MR. BOLTON: Well, I don't think you can make a blanket judgment about all of them. I think that --

SEN. BIDEN: Let's start with France.

BREAK IN TEXT
SEN BIDEN: That's all right. Maybe in writing I'll submit that question to you, okay.

The G8 agreed to "deplore Iran's conduct," and to "urge Iran promptly, and to comply with its commitments and all IEA board requirements." But, it stops short of calling for the IEA Board of Governors to report this issue to the U.N. Security Council. Does this mean that the United States will not press for referral at this week's board meeting?

MR. BOLTON: Senator, I can tell you, speaking personally as somebody who has been working to get the Iran matter referred to the Security Council for a year, that if I thought we could get it, we would do it. That's where it deserves to be. One gets in these G8 agreements the best one can get. In terms of what we expect out of the IAEA Board of Governors in Vienna this week, I can say, I think with some measure of confidence, we'll get a very strong resolution that deplores Iranian lack of cooperation with the IAEA, that stresses that Iran has to do more to meet its commitment to the three European countries to suspend --

SEN BIDEN: Will it deplore it enough to suspend the liquid natural gas investment agreement the Japanese and the French have reached?

MR. BOLTON: I can speak with respect to the Japanese agreement for the exploitation of the field at Azadagon (ph). They've got a clause in that that says that if the conclusion is the Iranians are continuing the pursuit of nuclear weapons, they have the ability to suspend that agreement. They have not yet reached that conclusion, although that is certainly our conclusion.

SEN BIDEN: Does that conclusion mean, if the conclusion is that they reach it, or if the conclusion that the board reaches it, or the conclusion that the Security Council reaches it.

MR. BOLTON: I don't know the specifics of the Azadagon(ph) deal, but that's the discussion we've had with the government of Japan. I regard the situation in Iran as an extremely important one that we have been trying measurably with Russia, with the European countries, and Japan, and I might say that what our diplomacy is aimed at is getting this matter to the Security Council.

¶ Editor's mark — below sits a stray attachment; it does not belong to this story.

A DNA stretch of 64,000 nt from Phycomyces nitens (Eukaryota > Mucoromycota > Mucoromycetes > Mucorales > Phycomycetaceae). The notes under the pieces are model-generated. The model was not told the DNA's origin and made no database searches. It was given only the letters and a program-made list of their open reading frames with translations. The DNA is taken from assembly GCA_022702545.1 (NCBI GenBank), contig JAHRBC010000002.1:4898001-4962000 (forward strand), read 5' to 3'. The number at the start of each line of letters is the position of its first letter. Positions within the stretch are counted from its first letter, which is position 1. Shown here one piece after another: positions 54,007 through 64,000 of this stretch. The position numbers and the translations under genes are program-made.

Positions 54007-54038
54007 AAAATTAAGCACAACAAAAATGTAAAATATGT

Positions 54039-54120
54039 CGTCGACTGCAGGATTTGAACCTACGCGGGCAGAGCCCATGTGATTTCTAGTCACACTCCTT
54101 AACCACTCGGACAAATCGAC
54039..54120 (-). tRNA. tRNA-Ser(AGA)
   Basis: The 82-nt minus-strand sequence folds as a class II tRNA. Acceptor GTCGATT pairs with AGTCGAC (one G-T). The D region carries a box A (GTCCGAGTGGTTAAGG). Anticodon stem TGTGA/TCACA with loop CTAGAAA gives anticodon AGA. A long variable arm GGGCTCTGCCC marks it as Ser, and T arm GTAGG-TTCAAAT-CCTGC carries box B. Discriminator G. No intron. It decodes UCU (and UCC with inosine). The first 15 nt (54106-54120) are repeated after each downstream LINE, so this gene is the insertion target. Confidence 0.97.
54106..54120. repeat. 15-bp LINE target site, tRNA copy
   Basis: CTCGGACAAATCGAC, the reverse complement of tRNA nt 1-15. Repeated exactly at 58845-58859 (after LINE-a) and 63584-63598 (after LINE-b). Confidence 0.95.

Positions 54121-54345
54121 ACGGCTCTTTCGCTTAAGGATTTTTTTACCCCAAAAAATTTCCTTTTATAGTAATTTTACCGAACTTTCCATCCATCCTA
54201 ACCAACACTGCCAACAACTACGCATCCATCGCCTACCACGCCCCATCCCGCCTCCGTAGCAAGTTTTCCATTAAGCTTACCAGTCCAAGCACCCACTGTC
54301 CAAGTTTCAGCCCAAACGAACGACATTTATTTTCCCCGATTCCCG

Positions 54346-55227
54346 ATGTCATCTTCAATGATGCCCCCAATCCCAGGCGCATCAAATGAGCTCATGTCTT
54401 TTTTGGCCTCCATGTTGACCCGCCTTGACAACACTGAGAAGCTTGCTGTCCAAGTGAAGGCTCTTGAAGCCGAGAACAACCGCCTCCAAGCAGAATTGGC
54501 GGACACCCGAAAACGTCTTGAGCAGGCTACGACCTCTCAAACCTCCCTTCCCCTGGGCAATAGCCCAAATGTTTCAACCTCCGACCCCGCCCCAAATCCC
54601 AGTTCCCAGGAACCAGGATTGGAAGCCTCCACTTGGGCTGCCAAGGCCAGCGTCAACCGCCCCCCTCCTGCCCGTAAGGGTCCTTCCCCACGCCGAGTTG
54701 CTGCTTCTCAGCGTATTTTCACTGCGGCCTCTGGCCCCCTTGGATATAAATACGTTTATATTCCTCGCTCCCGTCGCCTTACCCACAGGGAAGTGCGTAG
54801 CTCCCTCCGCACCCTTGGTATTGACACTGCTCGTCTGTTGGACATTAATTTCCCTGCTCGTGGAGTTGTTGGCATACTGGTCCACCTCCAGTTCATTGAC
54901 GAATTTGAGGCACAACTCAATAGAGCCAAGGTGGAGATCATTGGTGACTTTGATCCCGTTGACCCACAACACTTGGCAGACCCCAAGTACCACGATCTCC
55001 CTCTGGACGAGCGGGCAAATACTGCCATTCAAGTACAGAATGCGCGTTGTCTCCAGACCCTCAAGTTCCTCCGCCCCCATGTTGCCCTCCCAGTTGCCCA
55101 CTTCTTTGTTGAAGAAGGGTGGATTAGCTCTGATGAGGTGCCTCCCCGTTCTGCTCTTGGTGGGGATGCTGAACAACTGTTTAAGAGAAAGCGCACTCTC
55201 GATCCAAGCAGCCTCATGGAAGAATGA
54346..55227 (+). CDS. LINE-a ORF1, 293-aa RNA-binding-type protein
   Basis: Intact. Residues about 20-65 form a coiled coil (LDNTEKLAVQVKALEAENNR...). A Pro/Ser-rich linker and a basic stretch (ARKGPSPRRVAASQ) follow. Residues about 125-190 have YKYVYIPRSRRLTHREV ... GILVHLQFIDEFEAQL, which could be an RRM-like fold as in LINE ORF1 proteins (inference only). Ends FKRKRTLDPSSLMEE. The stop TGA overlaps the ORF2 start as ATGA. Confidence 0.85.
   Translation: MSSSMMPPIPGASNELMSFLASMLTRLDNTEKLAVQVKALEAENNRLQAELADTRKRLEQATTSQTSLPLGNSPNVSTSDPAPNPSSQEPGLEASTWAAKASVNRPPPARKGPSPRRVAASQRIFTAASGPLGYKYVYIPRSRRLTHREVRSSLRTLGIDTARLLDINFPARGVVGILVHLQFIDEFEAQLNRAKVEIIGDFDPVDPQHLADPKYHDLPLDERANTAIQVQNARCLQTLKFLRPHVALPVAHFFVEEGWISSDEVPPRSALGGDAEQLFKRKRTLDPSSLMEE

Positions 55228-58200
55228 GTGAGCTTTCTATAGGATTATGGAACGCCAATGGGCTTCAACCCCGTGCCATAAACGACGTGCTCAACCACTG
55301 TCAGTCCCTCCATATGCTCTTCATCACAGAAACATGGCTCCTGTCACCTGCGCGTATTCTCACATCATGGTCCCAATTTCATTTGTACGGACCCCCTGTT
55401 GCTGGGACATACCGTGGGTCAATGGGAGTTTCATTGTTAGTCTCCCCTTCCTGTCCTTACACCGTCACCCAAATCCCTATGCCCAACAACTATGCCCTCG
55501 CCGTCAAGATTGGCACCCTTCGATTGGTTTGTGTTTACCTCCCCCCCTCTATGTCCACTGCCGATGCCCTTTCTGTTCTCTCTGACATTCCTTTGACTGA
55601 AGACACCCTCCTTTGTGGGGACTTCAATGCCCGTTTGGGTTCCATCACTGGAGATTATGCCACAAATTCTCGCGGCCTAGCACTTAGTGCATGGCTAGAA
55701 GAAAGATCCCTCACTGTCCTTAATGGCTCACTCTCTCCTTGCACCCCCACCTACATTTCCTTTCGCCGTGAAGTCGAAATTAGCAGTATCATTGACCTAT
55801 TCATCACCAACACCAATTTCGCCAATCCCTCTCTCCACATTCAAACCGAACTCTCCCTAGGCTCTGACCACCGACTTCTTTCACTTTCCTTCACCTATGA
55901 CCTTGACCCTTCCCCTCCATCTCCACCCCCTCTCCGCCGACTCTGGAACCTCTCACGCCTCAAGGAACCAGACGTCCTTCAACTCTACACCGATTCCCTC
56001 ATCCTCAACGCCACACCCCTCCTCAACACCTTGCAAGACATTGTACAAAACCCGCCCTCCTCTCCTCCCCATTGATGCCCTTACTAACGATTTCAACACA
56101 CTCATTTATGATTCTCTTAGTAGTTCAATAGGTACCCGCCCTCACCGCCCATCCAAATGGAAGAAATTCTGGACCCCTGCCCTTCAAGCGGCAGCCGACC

SEN. BIDEN: Thank you very much.

SEN. LUGAR: Thank you, Senator Biden.

Senator Nelson?

SEN. NELSON: Well, picking right up there on Senator Biden's questions about Iran. Does the strong statement that the G8 issued about Iran not being cooperative, does this statement signal an intent by the G8 to hold them accountable and support our efforts?

MR. BOLTON: I think, Senator, what it represents is a ratcheting up of the level of G8 agreement than what was achieved at the Evian Summit last year, where for the first time the G8 issued a statement on proliferation and specifically dealt with questions of North Korea and Iran. I think in the intervening year there has been a very substantial pattern of Iranian failure to comply with its obligations under its safeguards agreement, obstructing IAEA inspectors, withholding information and generally not being cooperative.

I think Director General al-Baradei made that point in a low key, but very clear way in his statement for the IAEA board of governors yesterday. We think that it is absolutely critical that the Iranian effort to achieve a nuclear weapons capability not succeed. And we have been in extensive diplomatic activity with all of the European countries involved, with Japan, and with Russia to do what we can do to get them to apply pressure to Iran. And I think the mixed cooperation, the limited cooperation that Iran has provided to the IAEA in the past year is due almost entirely to the level of international pressure that's been applied.

SEN. NELSON: Well, it looks like we were getting some progress going there, with the international pressure, but now it seems to have evaporated.

MR. BOLTON: I don't think it's evaporated. I think the Iranians are still on the defensive. I think they are feeling the pressure. You can see from their statements, their public statements, that they say quite regularly they have no intention of complying with the deal that they made with the United Kingdom, Germany, and France to suspend, and then ultimately decease uranium enrichment, and reprocessing. If they were to pull out of that deal, I think there would be almost no question but that we would be able to get this matter into the security council.

The Europeans have taken a different tactical view of how to handle the Iranian matter, and we have worked with them on that. I think the combined pressure that is reflected in the several resolutions, three to date that the IAEA board has passed, have had their effect. It hasn't gone far enough, more work needs to be done, there's no question about that.

SEN. NELSON: Does Iran have a rocket that will reach with a range to Israel?

MR. BROOKS: Senator, it does. It has a very extensive ballistic missile program.

SEN. NELSON: The answer to that is yes?

MR. BROOKS: The answer to that is yes.

SEN. NELSON: Therefore, if you put a nuclear weapon on the top of that rocket, you've got a problem?